RV dumps that charge a fee may have a lock on the sewer hole and you will need to pay the fee first in order to unlock it.

Finding Free Dumping Stations

To find a free dumping station near by, open Allstays, filter by “RV Dumps” and zoom to the map area of your choice. Open each dump station result to read the location details which will include information on whether it’s a free RV dump, where the RV dump is located and whether potable water is available at the RV fill station.

Now, free dumping stations range from nice to “yikes – I better put on my work boots and heavy gloves”. Some of the nicest free dumps we’ve used have been at welcome centers.

Not every RV dump station will have potable and non-potable water and some only have a sewer connection. If you need potable water, call ahead to ask if they have any and whether they’ll allow you to fill your fresh water holding tank. We’ve found that most free RV dump stations have non-potable water.

Our RV Dumping Experience

How to dump RV tanks

Before we started full time RV living we were used to traditional house toilets where everything is flushed down never to be seen again. Then we started all our RV research and one of the big questions was how to dump the RV tanks? It was hard to imagine coming face to face with all the waste a week later – and the internet is no help.

When you search for RV dumping articles, you’ll like come across countless horror stories that will give you nightmares and make you wonder why you ever wanted to RV. Heck, a few of those stories scared us so much we only wanted to use a composting toilet in our first RV. In fact, we were dead set on it and I even convinced Joe to build a composting toilet. If you want to learn more about toilet options, read our RV toilet guide.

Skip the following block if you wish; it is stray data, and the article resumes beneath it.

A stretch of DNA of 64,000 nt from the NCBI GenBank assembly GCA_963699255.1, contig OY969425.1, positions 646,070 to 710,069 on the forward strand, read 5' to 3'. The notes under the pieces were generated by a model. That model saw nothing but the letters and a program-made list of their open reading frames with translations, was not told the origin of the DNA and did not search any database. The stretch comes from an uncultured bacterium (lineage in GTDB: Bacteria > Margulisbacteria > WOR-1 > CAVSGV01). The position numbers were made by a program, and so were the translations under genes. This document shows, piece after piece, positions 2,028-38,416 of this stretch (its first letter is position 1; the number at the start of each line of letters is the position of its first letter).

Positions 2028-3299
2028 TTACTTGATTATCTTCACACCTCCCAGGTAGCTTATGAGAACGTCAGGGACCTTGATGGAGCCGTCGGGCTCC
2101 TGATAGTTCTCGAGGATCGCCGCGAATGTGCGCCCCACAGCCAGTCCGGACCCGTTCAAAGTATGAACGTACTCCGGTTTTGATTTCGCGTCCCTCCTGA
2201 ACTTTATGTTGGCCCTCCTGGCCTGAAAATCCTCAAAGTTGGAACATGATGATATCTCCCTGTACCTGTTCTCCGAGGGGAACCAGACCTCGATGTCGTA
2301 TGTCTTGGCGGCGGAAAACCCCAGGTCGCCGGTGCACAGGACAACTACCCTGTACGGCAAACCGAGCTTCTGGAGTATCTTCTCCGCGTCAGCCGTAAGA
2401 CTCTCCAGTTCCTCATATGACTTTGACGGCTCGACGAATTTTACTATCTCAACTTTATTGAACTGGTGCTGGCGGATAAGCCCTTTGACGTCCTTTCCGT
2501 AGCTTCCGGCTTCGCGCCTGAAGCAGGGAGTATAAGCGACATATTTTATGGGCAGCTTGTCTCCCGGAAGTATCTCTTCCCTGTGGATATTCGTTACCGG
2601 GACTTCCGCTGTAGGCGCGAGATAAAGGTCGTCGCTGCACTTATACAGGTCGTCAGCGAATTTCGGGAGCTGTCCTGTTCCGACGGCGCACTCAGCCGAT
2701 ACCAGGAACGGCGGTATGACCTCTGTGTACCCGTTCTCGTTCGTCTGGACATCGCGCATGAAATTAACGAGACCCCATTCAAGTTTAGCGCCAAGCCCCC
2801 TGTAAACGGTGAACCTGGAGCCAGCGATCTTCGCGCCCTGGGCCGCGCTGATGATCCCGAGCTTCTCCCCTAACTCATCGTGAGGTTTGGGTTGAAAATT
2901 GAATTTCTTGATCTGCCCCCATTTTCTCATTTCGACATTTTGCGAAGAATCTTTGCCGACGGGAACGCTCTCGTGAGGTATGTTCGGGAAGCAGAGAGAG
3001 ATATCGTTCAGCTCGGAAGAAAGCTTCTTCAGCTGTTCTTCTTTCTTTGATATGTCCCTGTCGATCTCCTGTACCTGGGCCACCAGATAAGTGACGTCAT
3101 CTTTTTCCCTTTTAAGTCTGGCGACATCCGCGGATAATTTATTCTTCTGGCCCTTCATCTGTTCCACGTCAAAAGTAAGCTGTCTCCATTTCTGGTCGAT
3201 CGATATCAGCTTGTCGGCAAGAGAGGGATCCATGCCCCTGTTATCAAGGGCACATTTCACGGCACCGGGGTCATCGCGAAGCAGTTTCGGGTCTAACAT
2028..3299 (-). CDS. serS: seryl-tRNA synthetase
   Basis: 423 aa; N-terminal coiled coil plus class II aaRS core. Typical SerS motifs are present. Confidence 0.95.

Why were we so afraid to dump? Fear of the unknown. Having never RVed before, our only point of reference was from the videos we watched along with the articles and forum threads we read. The only RVing friends we had at the time used a composting toilet and based on their bad experiences with traditional RV toilets and at dump stations, we were convince a composting toilet was the way to go. Sure, we would still need to go dump the gray tank, but we figured that wouldn’t be nearly as bad as having to dump a black tank.

I’ll never forget our first dump station experience. After spending $30 to dump the RV tanks at a gas station in Los Angeles, Joe and I looked at each other and said “that’s wasn’t so bad!” Sure it smelled a bit and watching the waste go through the clear elbow of the hose for the first time was strange, but our uneventful dumping experience gave us a good laugh.

We couldn’t believe we put ourselves through two weeks with a bucket toilet to find out that RV dumping wasn’t nearly as bad as we thought. It helped that we had the right gear (see tips above).

I did dump the Class A motorhome all by myself and found it to be easy and not a complicated mess like I imagined. For the record, Joe did 99.99% of the dumping in our Class A days.

Thinking about which portable toilet is best for your RV? See Best Portable Camping Toilets for Vans, Cars, and RVs.

Thanks for reading! Feel free to share your dumping experiences or tips below.

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21 thoughts on “RV Dumping Isn’t so Bad – How to Dump RV Tanks”

  1. One of the best ways to double-check your connections is to let the gray tank dump for 5-10 seconds first. Then go ahead and dump the black tank. That way any ‘surprises’ are a little less unpleasant.
    Also we’re now in our 6th year of camping I find that if I’m using an effective black tank treatment system, I don’t feel compelled to do a full black tank rinse every time we dump. Maybe once a month is fine if putting enough water into the black tank and we’re also spending time driving so things have a chance to agitate and break down.
    Short of overfilling the black tank, the more water in there the better the system works. We put our rinse water for doing dishes into a tub, and that goes into our black tank at the end of clean up.

  2. Thanks for the info, as I am a 1st timer getting ready to hit the road and know nothing. I lost my husband in May last year so these road trips are in his honor! Very scared what to expect dumping etc. Still have yet to purchase the needed hoses etc, any ideas etc are welcome Thanks Debbie